Explaining the NBA's concussion protocol

Explaining the NBA's concussion protocol

BOSTON -- The Boston Celtics announced that a blow to the head of Al Horford in practice on Monday, has landed the 6-foot-10 big man into the NBA’s concussion protocol program.
RELATED: Horford out against Bulls

He will not play tonight against Chicago, and it’s unclear if he will be cleared in time to play against the Cleveland Cavaliers on Thursday night.
Here’s a look at the league’s concussion program as it relates to a player returning to action.
A player in the concussion protocol program can’t return to the floor until the following:

  • He is without concussion-related symptoms at rest.
  • He has been evaluated by a physician.
  • He has successfully completed the NBA return-to-participation exertion protocol.
  • A team physician has discussed the return-to-participation process and decision with the Director of the NBA concussion program, Dr. Jeffrey Kutcher.

Ultimately, the decision as to when a player will return will be made by the team physician.

It is unclear at this time exactly where Horford is in the return-to-participation process.
As mentioned above, part of the Return-to-Participation protocol will involve Horford meeting certain benchmarks in order to show that he’s physically ready to step back on the floor.
From the NBA’s media central website, here’s a closer look at what the NBA’s Return-to-Participation protocol consists of:

  1.  The return to participation protocol involves several steps of increasing exertion – from a stationary bike, to jogging, to agility work, to non-contact team drills.
  2. With each step, a player must be symptom free to move to the next step. If a player is not symptom free after a step, he stops until he is symptom free and begins again at the previous step of the protocol (i.e., the last step he passed without any symptoms).
  3. It’s important to note that there is no time frame to complete the protocol. Each injury and player is different and recovery time can vary in each case.

Game-by-Game recap of the Celtics' four-game sweep of the Pacers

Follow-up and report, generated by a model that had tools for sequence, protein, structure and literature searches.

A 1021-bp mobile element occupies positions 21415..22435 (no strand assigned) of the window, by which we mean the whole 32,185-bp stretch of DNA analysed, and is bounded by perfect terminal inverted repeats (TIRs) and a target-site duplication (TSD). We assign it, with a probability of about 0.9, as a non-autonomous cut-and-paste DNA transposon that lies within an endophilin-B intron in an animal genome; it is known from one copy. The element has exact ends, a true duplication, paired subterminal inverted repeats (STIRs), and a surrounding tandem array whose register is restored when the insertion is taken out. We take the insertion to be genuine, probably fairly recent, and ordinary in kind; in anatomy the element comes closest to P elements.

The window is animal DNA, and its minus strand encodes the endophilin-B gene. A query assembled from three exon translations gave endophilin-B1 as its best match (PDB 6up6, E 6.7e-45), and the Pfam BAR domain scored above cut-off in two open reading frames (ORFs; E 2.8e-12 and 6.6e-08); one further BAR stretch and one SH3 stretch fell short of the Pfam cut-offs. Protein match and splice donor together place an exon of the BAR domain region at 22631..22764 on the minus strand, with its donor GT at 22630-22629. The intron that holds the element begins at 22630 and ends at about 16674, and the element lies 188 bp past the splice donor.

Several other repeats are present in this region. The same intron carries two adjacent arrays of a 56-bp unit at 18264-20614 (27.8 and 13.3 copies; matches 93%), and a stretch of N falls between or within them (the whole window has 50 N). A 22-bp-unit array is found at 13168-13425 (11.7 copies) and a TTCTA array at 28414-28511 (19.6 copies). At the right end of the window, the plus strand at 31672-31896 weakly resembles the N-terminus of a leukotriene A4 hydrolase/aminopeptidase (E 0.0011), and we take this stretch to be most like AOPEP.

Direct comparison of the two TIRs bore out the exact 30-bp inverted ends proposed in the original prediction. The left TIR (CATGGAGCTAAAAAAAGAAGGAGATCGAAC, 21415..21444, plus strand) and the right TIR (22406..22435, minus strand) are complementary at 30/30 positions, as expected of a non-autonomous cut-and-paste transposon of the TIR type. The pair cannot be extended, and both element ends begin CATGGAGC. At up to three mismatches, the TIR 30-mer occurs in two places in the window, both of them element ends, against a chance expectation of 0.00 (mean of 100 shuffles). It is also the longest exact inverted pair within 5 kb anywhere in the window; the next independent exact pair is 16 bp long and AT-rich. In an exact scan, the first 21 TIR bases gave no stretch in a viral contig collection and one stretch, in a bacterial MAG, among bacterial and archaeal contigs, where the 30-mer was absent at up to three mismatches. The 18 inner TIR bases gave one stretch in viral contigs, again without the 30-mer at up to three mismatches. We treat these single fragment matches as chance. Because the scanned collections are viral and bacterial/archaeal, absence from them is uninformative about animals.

Game-by-Game recap of the Celtics' four-game sweep of the Pacers

INDIANAPOLIS -- The record books will show that the 2018-2019 Boston Celtics swept the Indiana Pacers, an indicator often of a series that was never really that close or competitive. 

But these players know better. 

Indiana gave the Celtics all they could handle for four games, with the difference being Boston’s ability to play their best in the closing moments, dominate play for a stretch in the second half or have someone besides Kyrie Irving step up in the clutch and deliver. 

How close was it?

Despite Boston sweeping them, the Celtics only led after eight quarters, with six going to Indiana and two ending in a tie. 

But the difference was when the Celtics won a quarter they absolutely crushed the Pacers in those 12-minute quarters.

Here’s a game-by-game recap of the Boston Celtics’ four-game sweep of the Indiana Pacers.

GAME 1: BOSTON 84, Indiana 74

  • In his first playoff game as a Celtic, Kyrie Irving had 20 points, seven assists and five rebounds.
  • Jaylen Brown, in the starting lineup for Marcus Smart (oblique tear), limited Indiana’s top scorer Bojan Bogdanovic to just two points when guarding him.
  • The Celtics’ Marcus Morris had 20 points off the bench along with seven rebounds.
  • Indiana shot 2-for-19 in the third quarter, and were outscored 26-8 by Boston.